BEAUTIFUL LETTER ON SIN REFERRING TO THE DOGMA OF THE IMMACULATE CONCEPTION.
"Rings 20 December '92
I arrived yesterday happily despite the weather, thank God. Before my departure I wrote the letter that Madame de Lusanci will show you: it is not bad to tell Madame de la Prieure the substance of it.
What is said of Monsieur de la Trappe, of the continual attention one must have to God's judgments, is true for the ordinary, but not universally; and he himself does not hear it otherwise. Besides, whoever desires to see God, fears to lose him; but this fear does not bring him down, nor discourage him because he knows that he is good, and surrenders himself to him.
Believe me, you are giving too much in these sentences, I assure you that they should not prevent you from communicating without confessing. I don't need to decide whether there's sin or not. Speaking frankly, I think I can assure you that there is none; but, in any case, I assure you that there is no obligation to confess, and that you would do better not to do so. You don't know how good God is, and what abandonment of everything can do to him.
I strongly approve of Mr. De Sainte-Beuve's sentiment, and you may rest on it; but I believe the way I am showing you is more in keeping with your present state. His feeling and mine are one in substance, and we are going in the same direction.
I see more or less what this preacher meant, and I wish we weren't so assertive in things where the Church hasn't spoken. The one who taught Saint Paul that strength is perfected in weakness and that temptation gives opportunity for advancement, can alone make you hear that the pains you are going through can help to purify your heart.
Everything that has been said about you in Paris, about your obedience to me, increases the crown you must expect for this action. The world speaks and judges without knowing; but Jesus Christ has judged it and has broken all its judgments beforehand.
Encourage the Prioress not to leave no matter what happens. Lhe soldier Jesus Christ must never lay down his arms; the time will come.... I'm with you with all my heart.
J. Benigne de Meaux"
Marie-Henriette-Thérèse d'Albert de Luynes (1647-1699) : daughter of Charles-Louis d'Albert second Duke of Luynes, favourite of King Louis XIII, and Marie Seguier his first wife. Raised in Port-Royal with Marie Louise de Luynes, his elder sister, they both made profession in Jouarre Abbey. Jacques Benigne Bossuet, then a simple ecclesiastic, made the sermon of his profession of vows on the 8th but 1664. He also composed the Discourse on the life hidden in God for Louise de Luynes. Their father, who was close to the Solitaires de Port Royal, had a castle built at Vaumurier, on land belonging to the abbey, where he received Blaise Pascal or Jean Racine. Marie-Louise de Luynes and then her sister were appointed to the priory of Torcy. Mme d'Albert died there "suddenly in appearance" on February 4, 1699, as described by Bossuet in the epitaph he dedicated to her:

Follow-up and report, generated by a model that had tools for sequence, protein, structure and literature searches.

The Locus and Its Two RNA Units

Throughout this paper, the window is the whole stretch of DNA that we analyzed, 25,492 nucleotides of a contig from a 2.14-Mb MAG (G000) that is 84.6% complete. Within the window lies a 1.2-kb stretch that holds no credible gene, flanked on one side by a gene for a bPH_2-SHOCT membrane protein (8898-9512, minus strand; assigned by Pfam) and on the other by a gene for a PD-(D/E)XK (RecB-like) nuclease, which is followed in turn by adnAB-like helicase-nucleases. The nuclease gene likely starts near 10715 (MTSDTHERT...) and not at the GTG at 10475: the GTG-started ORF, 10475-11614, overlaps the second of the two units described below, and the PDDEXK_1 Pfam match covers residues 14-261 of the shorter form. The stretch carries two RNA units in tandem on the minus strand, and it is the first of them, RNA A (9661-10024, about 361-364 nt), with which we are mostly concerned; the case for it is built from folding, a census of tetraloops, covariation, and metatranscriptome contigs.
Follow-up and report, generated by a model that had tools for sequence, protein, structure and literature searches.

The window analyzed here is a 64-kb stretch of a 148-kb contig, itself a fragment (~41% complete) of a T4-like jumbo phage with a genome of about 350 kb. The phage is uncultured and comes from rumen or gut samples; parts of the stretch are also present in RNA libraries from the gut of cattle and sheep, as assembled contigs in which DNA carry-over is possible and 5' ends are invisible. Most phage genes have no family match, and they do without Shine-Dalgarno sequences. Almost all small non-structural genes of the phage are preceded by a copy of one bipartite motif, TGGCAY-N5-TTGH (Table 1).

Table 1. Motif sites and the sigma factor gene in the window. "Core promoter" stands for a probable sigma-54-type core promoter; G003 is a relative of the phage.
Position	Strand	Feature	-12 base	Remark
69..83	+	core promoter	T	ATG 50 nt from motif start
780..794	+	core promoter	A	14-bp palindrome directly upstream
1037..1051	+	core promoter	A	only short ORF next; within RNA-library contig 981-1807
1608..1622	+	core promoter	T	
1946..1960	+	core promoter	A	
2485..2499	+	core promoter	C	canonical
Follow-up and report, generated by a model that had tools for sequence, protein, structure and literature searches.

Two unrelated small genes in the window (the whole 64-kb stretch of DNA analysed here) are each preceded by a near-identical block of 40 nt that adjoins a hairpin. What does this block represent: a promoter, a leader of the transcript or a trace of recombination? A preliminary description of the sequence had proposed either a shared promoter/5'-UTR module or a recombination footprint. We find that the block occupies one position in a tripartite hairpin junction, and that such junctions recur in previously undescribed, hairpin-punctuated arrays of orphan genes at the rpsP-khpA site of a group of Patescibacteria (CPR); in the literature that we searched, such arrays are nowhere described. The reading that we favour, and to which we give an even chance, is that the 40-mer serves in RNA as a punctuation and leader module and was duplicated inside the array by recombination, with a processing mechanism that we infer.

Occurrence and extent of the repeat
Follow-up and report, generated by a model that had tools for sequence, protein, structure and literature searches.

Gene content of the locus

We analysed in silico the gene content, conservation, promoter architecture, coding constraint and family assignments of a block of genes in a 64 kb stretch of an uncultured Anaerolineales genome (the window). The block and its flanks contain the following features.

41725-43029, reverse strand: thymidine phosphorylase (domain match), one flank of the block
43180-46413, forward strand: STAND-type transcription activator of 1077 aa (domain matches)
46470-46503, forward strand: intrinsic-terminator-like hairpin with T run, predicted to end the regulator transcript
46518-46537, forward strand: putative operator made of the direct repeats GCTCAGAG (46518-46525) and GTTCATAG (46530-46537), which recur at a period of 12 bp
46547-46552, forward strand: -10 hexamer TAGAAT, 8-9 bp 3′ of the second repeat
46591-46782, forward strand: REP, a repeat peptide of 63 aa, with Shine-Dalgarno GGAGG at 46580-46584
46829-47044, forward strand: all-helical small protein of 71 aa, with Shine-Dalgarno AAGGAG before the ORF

Here lies Marie-Henriette-Thérèse d'Albert de Luynes.
She preferred honors
Of a birth so illustrious and distinguished
The title of bride of Jesus Christ
In mortification and piety.
Humble, inner, spiritual
In all simplicity and truth,
She joined the peace of innocence...
To the holy frights of a timid conscience.
Faithful to the one who, almost from the moment he was born..,
He had put contempt for the world in his heart,
She was for a long time the example
From the holy and famous monastery of Jouarre,
Where did you come from in this house
To accompany a beloved sister,
There she died the death of the righteous...
February 4th, 1691:
Suddenly on the surface,
Indeed with the same preparations
That if she had been warned of its end...
All the letters addressed to Mrs. Albert shed important light on the thought of Bossuet; they were quickly integrated into the complete works of the author under the title : Letters to Mme d'Albert de Luynes, nun of Jouarre Abbey.
Correspondence from Bossuet. t. 5: January-1692-September 1693, n°816
One sheet folded in half, black ink, one small tear.